Hartford Healthcare said Wednesday it is reviewing its legal options after the state Office of Health Strategy denied the health system’s application to permanently close the decades-old maternity ward at Windham Hospital.
Meanwhile, advocates who’ve fought the closure for the past two years called for obstetrics services to now be fully restored at the hospital, which is located in a community identified by the state as economically distressed.
“Hartford HealthCare made a callous and cynical decision. They were wrong to think it was okay to do more harm,” said Lynne Ide, a member of the Windham United to Save our Healthcare coalition and the Universal Health Care Foundation, in a statement. “Now they must undo this mistake and listen to the community.”
The health system, which discontinued childbirth services in July 2020 at the Windham Hospital Birthing Center, has argued that years of declining births have created significant challenges in attracting obstetricians and other clinicians, potentially putting pregnant moms and their babies at risk.
“We are deeply disappointed with the Office of Health Strategy’s proposed finding, and especially its failure to take into account the quality and safety issues which were raised under oath by several regional and national clinician experts,” Hartford Healthcare said in a written statement. “We are reviewing our legal options, which include the possibility of appealing.”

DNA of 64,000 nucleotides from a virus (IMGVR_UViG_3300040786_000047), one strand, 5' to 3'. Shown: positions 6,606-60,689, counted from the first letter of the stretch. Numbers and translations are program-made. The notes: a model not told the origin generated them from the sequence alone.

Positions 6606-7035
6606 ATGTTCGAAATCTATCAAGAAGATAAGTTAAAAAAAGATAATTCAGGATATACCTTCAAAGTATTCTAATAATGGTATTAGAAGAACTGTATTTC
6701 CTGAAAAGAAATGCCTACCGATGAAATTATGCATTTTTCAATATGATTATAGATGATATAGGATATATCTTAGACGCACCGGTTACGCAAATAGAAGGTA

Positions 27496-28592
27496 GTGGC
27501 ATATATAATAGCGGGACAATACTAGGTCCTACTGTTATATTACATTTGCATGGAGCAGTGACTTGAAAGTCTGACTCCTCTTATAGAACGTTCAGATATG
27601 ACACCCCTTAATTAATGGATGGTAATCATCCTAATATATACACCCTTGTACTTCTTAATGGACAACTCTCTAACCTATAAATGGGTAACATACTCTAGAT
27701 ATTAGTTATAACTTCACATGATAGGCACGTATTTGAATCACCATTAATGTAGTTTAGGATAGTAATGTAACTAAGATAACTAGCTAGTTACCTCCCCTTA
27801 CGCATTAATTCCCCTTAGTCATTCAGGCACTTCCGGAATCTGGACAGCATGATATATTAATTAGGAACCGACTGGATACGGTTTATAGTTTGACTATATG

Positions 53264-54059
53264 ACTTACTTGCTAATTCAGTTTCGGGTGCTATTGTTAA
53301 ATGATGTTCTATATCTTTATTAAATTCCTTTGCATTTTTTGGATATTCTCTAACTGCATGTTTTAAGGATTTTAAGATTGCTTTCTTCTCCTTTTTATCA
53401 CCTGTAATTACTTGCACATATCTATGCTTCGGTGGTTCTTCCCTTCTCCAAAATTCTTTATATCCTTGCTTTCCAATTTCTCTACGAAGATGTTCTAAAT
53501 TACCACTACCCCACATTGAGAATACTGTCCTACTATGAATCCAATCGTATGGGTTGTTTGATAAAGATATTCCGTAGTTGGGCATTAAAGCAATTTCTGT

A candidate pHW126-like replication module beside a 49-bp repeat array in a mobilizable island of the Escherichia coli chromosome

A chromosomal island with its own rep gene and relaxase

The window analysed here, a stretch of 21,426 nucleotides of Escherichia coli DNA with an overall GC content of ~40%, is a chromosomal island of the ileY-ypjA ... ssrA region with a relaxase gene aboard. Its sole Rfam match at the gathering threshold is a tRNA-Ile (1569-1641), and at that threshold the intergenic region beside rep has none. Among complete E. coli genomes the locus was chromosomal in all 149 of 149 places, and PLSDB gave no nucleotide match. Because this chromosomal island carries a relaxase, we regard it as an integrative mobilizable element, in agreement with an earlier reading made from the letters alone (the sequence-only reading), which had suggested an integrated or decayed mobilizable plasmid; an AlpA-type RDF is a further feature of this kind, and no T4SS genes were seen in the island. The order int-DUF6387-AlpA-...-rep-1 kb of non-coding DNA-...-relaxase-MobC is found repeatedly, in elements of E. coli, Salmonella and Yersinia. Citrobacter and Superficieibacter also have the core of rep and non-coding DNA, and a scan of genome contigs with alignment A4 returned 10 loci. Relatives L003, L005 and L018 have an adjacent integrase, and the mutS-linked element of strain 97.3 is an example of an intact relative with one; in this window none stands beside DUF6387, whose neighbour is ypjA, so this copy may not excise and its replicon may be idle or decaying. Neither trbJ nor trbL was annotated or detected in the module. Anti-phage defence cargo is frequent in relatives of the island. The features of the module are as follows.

Hartford Healthcare insists it has a plan for childbirth in the Windham area that “provides high-quality, coordinated care for mothers and their babies at a hospital of the mother’s choice, including transportation.” The Windham Hospital website says obstetricians at Backus Hospital in Norwich, another Hartford Healthcare facility located about a half hour away, “will provide care for you and will be delivering babies at Backus Hospital.”
Attorney General William Tong praised the proposed final decision by the Office of Health Strategy, which was issued on Tuesday, saying it’s the right decision for the health safety of mothers and babies in the Windham area.
"This is the right decision for the health and safety of mothers and babies in the Windham area. Asking parents to travel another 25 to 45 minutes to undergo a major medical procedure at a different hospital would have created an additional burden and risk. I thank the Office of Health Strategy for carefully considering these critical factors, and for this draft decision,” Tong said.
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